“They got it done. They got their work done. The furloughs didn’t happen. They got it finished. I applaud that,” Brownback said. “They got it done. And I don’t know that anybody’s happy about it. But they got their work done and Kansans should applaud them. It took a long time. But they got it done.”
Brownback blamed dysfunction in Topeka in recent weeks on Democrats, who hold fewer than one-fourth of the seats in the Legislature.
“The minority party put forward no proposals to solve this issue. None. They just wanted to see it fail,” Brownback said.
Democrats fired back.
“Governor Brownback is incapable of telling the truth,” said Senate Minority Leader Anthony Hensley, a Topeka Democrat, in a news release. “Not only is this a tax increase, it is the largest tax increase in state history. His ‘glide path to zero’ is a complete failure and will further result in a self-inflicted budget crisis for years to come.”
The tax plan fixes the shortfall in the state’s $6.4 billion general fund budget, but it is projected to leave a razor-thin balance at the end of the 2016 fiscal year, which starts next month. Lawmakers are counting on the governor to make an additional $50 million in cuts to shore up the state’s cash reserves.
Brownback repeatedly touted K-12 education during the news conference, but he would not definitively say that cuts to K-12 education would be off the table.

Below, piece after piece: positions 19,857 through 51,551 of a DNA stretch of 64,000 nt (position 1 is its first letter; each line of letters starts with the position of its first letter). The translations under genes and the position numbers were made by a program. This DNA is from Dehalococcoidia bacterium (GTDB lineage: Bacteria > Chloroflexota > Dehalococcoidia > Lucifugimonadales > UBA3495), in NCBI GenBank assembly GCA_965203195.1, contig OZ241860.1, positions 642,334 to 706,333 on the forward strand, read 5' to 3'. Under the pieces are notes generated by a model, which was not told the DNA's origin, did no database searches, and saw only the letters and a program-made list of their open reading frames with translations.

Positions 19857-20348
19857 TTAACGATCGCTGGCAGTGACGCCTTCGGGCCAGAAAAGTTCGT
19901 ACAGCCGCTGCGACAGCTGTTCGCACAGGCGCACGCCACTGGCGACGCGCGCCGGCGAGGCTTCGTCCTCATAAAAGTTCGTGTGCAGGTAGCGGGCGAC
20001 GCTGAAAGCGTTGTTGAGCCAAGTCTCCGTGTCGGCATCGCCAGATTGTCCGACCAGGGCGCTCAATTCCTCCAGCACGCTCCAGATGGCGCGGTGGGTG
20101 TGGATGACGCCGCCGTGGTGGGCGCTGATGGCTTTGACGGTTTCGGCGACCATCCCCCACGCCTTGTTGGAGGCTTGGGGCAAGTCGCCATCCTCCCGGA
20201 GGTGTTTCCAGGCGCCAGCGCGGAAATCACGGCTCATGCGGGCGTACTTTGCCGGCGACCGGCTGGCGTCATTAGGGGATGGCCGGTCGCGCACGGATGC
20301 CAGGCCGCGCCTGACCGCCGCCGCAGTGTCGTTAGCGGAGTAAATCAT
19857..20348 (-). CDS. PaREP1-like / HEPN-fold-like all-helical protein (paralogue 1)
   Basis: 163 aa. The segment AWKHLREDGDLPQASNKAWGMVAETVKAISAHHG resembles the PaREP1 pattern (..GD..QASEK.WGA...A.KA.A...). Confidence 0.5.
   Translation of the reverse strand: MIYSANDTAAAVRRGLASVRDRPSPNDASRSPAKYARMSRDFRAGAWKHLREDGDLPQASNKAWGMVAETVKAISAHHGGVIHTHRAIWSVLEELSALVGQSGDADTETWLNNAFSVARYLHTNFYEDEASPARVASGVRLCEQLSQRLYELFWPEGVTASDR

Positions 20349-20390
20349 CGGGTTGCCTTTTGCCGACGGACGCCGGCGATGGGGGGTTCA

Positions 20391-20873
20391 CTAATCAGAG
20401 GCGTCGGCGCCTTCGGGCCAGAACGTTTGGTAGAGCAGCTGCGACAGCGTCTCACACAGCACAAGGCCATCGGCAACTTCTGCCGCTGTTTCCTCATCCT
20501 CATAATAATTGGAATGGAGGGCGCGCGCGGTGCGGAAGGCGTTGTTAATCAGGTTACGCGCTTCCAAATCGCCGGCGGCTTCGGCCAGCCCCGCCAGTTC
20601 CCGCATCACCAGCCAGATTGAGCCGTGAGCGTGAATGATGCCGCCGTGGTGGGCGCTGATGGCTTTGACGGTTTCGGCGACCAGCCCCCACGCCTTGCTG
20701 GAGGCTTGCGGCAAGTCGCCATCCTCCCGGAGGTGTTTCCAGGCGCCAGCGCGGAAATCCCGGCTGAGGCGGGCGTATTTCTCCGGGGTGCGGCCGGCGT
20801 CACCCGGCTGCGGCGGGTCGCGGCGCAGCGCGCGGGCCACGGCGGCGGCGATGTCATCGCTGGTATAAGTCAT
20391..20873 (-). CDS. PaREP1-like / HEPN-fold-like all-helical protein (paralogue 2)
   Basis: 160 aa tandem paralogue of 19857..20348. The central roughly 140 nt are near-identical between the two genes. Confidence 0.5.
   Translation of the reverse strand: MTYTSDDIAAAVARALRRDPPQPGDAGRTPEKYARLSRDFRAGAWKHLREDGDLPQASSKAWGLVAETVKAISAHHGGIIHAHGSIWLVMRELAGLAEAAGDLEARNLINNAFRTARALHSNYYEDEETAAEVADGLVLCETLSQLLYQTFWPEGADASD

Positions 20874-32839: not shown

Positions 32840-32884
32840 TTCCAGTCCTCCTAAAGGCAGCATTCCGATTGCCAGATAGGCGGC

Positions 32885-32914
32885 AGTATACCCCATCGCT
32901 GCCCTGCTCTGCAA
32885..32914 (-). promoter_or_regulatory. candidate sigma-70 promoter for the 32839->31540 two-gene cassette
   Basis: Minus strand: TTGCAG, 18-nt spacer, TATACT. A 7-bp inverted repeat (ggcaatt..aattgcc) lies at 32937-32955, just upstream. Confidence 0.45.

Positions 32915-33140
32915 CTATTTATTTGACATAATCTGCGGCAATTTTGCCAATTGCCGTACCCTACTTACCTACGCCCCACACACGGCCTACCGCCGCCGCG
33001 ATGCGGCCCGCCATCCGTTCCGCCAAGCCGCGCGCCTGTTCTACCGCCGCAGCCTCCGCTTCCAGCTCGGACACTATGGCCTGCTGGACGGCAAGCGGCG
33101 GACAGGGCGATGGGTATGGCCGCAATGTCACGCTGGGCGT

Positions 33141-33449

“I didn’t hear a specific answer,” said Scott Rothschild, spokesman for the Kansas Association of School Boards. “Our position is we need a sustainable, reliable source of tax revenue, and we’ll see if this does it or not.”
The governor said he had not decided what to cut, with one exception. When he signed the budget, he made a line item veto based on a recommendation from the Kansas Board of Regents, cutting $1.9 million both this coming year and the next for a program that grants funds to postsecondary institutions that provide GED accelerators for students.
Budget director Shawn Sullivan said the Board of Regents indicated the program had sufficient funds to operate through 2018 without the additional money.
‘What did Kansas do?’